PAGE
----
Digital Advertising: Past, Present, and Future
Paperback, 184 Pages
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What did we learn from the 12K banner? Is the big idea dead? What would Bill Bernbach think about digital advertising? Why are the Swedes so bloody good at it? How can you shape the future of digital advertising? Is peep culture the new pop culture? What does the agency of the future look like? All these questions and far more are covered inside Digital Advertising: Past, Present, and Future, a collection of essays from 24 Digital Creative Directors and business leaders. Rory Sutherland, President of the IPA and Vice-Chairman, Ogilvy Group UK describes it as 'An A-list group of authors writing brilliantly and affectionately about the subjects they know best.”
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Jun 14, 2011I really enjoyed this book. I found the essays inspiring, thoughtful, and extremely readable as a result of the personal connection each author has with the content. You can't help but read on, drawn in by the storytelling, one of my favourites being `When Computers Came with Soldering Irons' by Simon Waterfall. He takes you on a journey that begins with his childhood fascination of the first computers though to his adult fascination of the internet and what it has to offer, it's the love of digital that really shines though. Working in advertising myself but on the operations side, I learnt a lot from this book. It has given me a good overview of the founding principles of social media, how brand communication has had to change the way it thinks and covers new theories of media engagement.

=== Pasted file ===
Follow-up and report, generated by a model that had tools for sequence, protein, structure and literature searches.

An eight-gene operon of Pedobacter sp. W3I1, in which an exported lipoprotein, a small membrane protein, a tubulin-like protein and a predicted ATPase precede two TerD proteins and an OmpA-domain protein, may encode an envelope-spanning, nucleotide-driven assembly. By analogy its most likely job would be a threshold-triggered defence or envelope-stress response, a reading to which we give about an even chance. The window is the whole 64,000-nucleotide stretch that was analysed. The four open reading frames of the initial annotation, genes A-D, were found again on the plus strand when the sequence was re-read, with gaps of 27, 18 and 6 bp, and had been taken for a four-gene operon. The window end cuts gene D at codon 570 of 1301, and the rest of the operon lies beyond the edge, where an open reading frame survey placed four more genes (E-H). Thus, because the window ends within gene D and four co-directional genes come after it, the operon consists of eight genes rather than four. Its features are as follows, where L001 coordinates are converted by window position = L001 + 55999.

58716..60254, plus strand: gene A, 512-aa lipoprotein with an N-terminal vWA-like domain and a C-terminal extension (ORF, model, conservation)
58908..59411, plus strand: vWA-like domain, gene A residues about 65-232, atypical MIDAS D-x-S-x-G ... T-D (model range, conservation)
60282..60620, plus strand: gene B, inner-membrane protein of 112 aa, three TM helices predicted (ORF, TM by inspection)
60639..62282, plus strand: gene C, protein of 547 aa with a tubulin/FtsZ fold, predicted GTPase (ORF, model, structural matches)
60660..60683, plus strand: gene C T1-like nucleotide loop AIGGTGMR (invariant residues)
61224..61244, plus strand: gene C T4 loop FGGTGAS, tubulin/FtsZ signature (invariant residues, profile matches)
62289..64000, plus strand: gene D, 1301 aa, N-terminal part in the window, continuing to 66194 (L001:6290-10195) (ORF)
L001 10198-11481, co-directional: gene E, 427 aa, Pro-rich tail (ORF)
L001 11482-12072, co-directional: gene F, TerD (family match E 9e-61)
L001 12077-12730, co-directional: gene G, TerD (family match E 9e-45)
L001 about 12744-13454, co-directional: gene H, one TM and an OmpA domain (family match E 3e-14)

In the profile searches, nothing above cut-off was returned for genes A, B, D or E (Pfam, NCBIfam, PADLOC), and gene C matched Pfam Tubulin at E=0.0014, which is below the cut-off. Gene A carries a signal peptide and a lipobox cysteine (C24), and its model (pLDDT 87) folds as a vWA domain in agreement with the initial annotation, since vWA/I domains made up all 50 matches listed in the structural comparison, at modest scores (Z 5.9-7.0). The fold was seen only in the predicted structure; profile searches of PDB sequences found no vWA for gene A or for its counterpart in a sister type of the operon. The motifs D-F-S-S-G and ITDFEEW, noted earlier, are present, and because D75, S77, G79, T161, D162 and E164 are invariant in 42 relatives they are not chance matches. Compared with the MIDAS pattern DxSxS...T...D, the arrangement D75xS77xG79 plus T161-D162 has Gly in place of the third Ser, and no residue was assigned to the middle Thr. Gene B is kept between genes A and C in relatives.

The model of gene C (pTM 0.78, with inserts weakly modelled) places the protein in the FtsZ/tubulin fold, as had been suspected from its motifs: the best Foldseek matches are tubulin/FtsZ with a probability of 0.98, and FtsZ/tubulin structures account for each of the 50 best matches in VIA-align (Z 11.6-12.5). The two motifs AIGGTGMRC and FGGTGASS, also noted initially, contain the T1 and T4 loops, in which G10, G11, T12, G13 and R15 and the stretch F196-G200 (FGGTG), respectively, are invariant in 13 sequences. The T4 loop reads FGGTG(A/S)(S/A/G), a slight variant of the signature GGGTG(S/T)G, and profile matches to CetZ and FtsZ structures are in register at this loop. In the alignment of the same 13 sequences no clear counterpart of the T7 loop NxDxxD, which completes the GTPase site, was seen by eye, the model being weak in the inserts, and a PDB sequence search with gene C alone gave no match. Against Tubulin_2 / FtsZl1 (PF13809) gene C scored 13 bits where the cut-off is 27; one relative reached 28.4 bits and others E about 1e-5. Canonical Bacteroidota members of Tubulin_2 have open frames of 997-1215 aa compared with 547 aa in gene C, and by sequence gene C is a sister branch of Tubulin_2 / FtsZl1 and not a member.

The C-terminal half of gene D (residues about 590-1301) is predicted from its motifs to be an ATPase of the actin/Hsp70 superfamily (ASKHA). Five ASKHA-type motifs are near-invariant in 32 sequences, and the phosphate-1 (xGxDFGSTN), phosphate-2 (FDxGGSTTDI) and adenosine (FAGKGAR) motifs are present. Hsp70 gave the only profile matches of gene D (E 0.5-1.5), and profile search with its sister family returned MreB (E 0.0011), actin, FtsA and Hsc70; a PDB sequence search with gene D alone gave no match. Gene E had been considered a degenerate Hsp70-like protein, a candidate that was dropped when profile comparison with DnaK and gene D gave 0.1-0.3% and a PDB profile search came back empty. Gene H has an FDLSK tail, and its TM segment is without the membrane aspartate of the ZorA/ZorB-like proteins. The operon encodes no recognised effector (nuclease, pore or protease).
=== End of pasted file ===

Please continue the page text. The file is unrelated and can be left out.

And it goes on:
Apr 15, 2011You've come to this page. You've bothered to read the reviews. You are clearly interested in the subject matter. Now get this book. It is essential reading for you and anyone else with an interest in the most exciting, exhilarating, bewildering and transitional time for the advertising industry. Packed full of invaluable insights from knowledgable people right at the heart of it all, you'll be glad you read it. The writing is bright, passionate, thought provoking and entertaining and for those with 'not enough time to read books', handily split into manageable bite-sized essays. Whether you are just starting out in the industry or just trying to catch up, get this and you'll get on better.
Jan 6, 2011Having started my career just before the first dot com crash I feel I was there to witness it, but I didn't honestly understand it. I still don't. I just log-in, like, RT, friend, reply, join, follow, unfollow, comment and hope that this all helps towards making me appear like I know what I am doing slash talking about. This book is a great read with some of the industries best minds bringing about their version of events. Young or old, male or female, rich or poor, in sickness or in health; if you work in this industry you need to read this book. End of.